Question…? ☆☆☆☆☆

Thought to be about Harry Styles, this song recounts a story of a “good girl” and a “sad boy” in a “big city”, making “wrong choices.” A heartbroken Swift sings, “I swear that it was something/ ‘Cause I don’t remember who I was before you” in this regretful song. 

She goes on, blaming situations, circumstances, and miscommunication for the relationship going south. She asks questions throughout the song’s lyrics, pondering whether the subject of the song feels the same way as she does. Question…? includes an interpolation and lyrical parallels from Swift’s Out of the Woods, also thought to be written about Styles. 

Vigilante Sh*t ☆☆☆☆☆

A dark synth-pop revenge fantasy, Vigilante Sh*t is rumored to be about the star’s known enemy, Scooter Braun. Swift sings that she has been “on [her] vigilante sh*t again” and lately “dressing for revenge,” possibly referencing Princess Diana’s famed revenge dress. 

In the story, Swift explains that she gave “cold hard proof” to the now ex-wife of the man who wronged her. Swift sings, “Now she gets the house, gets the kids, gets the pride/ Picture me thick as thieves with your ex-wife,” alluding to Braun’s cheating scandal with his wife, ultimately ending in divorce. Vigilante Sh*t is one of the best songs on Midnights, with conniving storytelling and advancing synth and drum beats throughout the track.

Bejeweled ☆☆☆☆

In this sassy and lively pop song, Swift questions, “What’s a girl gonna do?/ A diamond’s gotta shine.” Swift sings about gaining confidence again after being pushed aside and underappreciated. She sings about going out and still having charm as she says, “Best believe I’m still bejeweled when I walk in the room/ I can still make the whole place shimmer” in the chorus of the song. In the sparkly and magical music video, Swift compares herself to Cinderella, finally going out after being shunned and hurt.

Labyrinth ☆☆☆☆

Swift sings about the anxiety of falling in love after experiencing heartbreak. She compares falling in love too quickly to elevators rapidly descending, singing “You know how scared I am of elevators/ Never trust it if it rises fast.” One of the most heartfelt songs on Midnights, Labyrinth is a slow but meaningful love song, Swift’s undoubted specialty. 

Karma ☆☆☆☆☆

Probably one of the most awaited songs among devoted Swifties, Karma is a fun pop banger with carefree lyrics. Swift sings, “Karma is the breeze in my hair on the weekend/ Karma’s a relaxing thought/ Aren’t you envious that for you it’s not.” The reason this song is so significant is because Swift’s fans have had a theory \ that she had an unreleased album by the same name. Needless to say, fans were shocked when Swift revealed that it was a track on Midnights

Additionally, it is believed that Karma is about the singer’s infamous feud with Kanye West and Kim Kardashian, in which #TaylorSwiftIsOverParty was trending on social media. “You’re talking sh*t/ For the hell of it/ Addicted to betrayal but you’re relevant/ You’re terrified to look down/ ‘Cause if you dare/ You’ll see the glare/ Of everyone you burned just to get there,” Swift sings in the song, directed to the couple.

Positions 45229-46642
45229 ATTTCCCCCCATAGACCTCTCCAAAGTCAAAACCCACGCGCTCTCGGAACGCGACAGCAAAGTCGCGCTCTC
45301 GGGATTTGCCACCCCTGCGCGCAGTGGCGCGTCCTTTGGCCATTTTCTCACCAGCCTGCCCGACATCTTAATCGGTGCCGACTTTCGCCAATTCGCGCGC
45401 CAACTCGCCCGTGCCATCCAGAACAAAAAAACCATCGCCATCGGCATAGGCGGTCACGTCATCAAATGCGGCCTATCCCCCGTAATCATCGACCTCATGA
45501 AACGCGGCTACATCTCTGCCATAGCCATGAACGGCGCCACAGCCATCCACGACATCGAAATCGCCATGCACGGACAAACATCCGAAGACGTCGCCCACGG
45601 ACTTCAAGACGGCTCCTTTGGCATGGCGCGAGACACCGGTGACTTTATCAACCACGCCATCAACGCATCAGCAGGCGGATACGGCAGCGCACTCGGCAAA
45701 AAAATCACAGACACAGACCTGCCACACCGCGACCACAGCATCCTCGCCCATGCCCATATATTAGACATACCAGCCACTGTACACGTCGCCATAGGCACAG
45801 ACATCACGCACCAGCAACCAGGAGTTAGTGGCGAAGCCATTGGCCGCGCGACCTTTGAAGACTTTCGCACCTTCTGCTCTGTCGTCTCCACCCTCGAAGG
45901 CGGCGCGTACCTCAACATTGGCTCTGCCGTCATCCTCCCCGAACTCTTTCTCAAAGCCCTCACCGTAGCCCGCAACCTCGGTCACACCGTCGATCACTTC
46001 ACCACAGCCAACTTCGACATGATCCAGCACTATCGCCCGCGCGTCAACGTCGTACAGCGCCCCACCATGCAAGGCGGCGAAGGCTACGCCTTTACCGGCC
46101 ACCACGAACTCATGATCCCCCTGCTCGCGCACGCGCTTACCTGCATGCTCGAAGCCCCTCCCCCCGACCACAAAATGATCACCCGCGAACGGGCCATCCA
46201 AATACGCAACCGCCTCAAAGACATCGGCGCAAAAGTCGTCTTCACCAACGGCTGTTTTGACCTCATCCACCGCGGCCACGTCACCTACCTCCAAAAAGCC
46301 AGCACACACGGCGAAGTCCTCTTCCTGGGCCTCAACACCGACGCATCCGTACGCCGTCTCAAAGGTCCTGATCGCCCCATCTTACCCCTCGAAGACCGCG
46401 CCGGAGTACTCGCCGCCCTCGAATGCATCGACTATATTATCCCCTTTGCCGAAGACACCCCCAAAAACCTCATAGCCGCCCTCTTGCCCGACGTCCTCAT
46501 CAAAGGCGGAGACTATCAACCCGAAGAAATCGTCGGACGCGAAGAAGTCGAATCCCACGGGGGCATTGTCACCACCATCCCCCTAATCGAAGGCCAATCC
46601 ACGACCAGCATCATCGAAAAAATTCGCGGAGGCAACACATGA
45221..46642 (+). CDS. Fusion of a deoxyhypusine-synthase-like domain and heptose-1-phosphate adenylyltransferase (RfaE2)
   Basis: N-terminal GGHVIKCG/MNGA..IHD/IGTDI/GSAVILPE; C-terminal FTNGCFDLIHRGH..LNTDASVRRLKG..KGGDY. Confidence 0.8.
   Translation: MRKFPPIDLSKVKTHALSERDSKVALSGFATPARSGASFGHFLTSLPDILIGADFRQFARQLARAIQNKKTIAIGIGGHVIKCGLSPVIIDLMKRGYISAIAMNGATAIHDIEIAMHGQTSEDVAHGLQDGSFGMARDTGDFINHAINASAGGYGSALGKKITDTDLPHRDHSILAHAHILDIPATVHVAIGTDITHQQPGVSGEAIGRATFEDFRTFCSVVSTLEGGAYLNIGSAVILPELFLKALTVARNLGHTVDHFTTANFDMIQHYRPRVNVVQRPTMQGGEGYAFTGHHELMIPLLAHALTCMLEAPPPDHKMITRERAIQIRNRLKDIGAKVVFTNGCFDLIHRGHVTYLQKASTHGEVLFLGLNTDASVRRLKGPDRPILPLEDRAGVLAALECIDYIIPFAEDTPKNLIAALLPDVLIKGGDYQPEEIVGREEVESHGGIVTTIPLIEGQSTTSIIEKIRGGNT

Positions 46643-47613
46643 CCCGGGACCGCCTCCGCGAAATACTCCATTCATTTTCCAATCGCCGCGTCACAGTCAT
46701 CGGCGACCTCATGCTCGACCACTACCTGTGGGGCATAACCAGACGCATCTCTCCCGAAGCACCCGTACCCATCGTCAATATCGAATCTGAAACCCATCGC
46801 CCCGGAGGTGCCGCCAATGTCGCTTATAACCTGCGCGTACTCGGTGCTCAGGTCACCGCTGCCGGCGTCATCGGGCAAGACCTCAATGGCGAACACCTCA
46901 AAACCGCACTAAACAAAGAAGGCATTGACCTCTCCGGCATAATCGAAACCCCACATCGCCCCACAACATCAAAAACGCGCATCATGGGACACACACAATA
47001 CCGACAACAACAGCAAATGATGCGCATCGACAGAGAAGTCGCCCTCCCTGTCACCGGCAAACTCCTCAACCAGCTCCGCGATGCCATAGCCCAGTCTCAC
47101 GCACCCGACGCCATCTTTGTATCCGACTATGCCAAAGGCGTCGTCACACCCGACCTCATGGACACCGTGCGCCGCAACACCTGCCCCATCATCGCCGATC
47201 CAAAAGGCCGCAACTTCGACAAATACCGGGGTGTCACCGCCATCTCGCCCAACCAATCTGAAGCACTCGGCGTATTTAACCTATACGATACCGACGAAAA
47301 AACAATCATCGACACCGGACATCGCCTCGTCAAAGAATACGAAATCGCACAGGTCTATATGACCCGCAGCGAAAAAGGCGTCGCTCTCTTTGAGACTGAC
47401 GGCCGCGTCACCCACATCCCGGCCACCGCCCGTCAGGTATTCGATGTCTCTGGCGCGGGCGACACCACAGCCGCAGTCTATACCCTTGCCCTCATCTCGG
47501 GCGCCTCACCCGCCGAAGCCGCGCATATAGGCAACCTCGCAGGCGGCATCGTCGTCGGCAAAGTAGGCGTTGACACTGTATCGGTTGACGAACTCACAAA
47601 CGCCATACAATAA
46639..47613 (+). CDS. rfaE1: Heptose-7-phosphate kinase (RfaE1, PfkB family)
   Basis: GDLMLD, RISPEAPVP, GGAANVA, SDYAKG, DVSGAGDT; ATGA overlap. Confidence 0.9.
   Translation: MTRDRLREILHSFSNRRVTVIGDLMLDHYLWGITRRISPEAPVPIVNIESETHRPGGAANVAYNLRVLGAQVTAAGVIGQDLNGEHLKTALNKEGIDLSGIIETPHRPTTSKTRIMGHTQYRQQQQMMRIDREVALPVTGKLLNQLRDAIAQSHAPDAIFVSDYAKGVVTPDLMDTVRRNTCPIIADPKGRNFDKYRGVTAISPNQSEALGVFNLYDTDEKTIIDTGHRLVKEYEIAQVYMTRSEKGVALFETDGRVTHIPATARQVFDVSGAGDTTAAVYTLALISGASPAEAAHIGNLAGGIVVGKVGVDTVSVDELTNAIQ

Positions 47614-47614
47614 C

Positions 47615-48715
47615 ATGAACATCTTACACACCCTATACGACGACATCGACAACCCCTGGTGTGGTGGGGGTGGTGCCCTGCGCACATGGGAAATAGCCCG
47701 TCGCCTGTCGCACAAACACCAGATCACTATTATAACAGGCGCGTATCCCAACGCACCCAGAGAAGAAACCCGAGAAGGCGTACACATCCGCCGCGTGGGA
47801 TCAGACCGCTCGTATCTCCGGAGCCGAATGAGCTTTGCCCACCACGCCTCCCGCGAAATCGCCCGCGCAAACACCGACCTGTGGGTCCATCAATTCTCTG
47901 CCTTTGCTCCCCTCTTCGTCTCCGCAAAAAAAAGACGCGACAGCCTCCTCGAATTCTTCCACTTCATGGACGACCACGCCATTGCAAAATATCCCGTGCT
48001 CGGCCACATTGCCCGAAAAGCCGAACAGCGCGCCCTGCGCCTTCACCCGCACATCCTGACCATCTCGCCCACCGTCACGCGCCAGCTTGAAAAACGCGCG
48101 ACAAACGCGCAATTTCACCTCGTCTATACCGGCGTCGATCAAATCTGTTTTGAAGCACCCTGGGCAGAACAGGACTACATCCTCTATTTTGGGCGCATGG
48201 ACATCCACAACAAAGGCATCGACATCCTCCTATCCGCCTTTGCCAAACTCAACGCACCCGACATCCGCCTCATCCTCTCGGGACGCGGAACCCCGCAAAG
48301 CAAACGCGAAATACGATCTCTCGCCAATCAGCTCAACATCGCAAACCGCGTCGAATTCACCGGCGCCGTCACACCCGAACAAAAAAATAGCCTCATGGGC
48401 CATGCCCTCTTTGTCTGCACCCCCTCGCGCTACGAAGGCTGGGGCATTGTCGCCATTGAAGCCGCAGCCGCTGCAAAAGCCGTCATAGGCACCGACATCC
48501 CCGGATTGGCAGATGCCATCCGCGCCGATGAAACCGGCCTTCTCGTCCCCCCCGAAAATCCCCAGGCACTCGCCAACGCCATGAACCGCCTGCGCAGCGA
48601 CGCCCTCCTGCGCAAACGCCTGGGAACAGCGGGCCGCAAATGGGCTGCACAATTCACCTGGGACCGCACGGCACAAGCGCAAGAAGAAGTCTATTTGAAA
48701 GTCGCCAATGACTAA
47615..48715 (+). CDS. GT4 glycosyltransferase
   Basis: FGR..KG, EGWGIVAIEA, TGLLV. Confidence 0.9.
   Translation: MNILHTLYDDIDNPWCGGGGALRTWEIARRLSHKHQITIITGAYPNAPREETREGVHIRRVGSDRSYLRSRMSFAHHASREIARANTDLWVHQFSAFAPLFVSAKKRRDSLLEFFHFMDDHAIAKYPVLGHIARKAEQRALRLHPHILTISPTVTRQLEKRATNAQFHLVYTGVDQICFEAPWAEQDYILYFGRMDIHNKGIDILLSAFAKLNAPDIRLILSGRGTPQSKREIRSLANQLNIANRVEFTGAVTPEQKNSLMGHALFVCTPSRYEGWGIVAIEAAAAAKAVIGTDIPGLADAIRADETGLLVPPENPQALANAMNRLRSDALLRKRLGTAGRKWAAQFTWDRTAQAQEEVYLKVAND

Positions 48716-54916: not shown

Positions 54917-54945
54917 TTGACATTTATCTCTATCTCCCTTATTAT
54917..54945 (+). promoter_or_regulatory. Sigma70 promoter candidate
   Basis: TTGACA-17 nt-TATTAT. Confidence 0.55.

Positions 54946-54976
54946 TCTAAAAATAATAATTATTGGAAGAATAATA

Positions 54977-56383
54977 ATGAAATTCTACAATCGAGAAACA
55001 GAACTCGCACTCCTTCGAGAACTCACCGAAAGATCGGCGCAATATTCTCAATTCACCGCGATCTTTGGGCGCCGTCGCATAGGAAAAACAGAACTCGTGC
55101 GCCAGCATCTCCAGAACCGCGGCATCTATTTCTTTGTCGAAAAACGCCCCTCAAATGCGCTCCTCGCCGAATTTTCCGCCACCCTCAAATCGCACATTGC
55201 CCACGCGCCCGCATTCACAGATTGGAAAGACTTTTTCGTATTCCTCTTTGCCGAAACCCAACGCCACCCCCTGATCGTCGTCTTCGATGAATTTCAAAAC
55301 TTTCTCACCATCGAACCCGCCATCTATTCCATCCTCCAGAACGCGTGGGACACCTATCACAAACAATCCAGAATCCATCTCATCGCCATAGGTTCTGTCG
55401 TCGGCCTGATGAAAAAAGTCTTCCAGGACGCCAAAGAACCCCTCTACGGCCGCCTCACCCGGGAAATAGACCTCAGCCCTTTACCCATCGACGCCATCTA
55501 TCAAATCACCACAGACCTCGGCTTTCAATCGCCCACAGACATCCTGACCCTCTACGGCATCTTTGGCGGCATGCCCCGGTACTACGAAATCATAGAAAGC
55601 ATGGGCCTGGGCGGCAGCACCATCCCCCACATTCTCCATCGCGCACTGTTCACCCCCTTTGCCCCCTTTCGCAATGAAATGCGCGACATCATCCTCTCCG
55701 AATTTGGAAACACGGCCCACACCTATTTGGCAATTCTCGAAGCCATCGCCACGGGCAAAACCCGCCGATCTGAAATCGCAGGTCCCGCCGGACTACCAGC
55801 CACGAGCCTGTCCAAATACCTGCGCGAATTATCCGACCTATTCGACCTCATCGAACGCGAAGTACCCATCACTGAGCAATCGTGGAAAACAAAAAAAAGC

Sweet Nothing ☆☆☆☆☆

In this slow and soft track, mirroring her past indie style, Swift sings about a love that’s an easy and beautiful escape from the outside world’s scrutiny and in which her lover expects “sweet nothing” from her. Dedicated to her current partner Joe Alwyn, Swift sings, “Outside they’re push and shoving/ You’re in the kitchen humming/ All that you ever wanted from me was sweet nothing.” To make the beautiful ballad even sweeter, Swift wrote the track with Alwyn under his songwriting alias William Bowery.

Mastermind ☆☆☆☆

Another love song, Mastermind is a mellow and soft pop song in which Swift says she’s been “scheming like a criminal” and manipulating people into loving her, describing herself as “cryptic and Machiavellian.” Later in the song, Swift says that once she told her lover that she planned for the two of them to fall in love, all he did was smile at her because he “knew the entire time.”

There’s no doubt that Midnights is one of Swift’s best and most influential albums to date, allowing her to break records and reach peaks like never before. A week after its release, Midnights is the first album in history to claim all top ten spots on the Hot 100 Billboard chart, and it topped the Billboard 200 albums chart with about 1.5 million copies sold in just a week. 

However, this is no surprise, as Midnights is a catchy pop masterpiece with relatable and poetic lyricism that resonates with many fans. It’s hard to say how Swift will ever top her record-breaking Midnights in future works.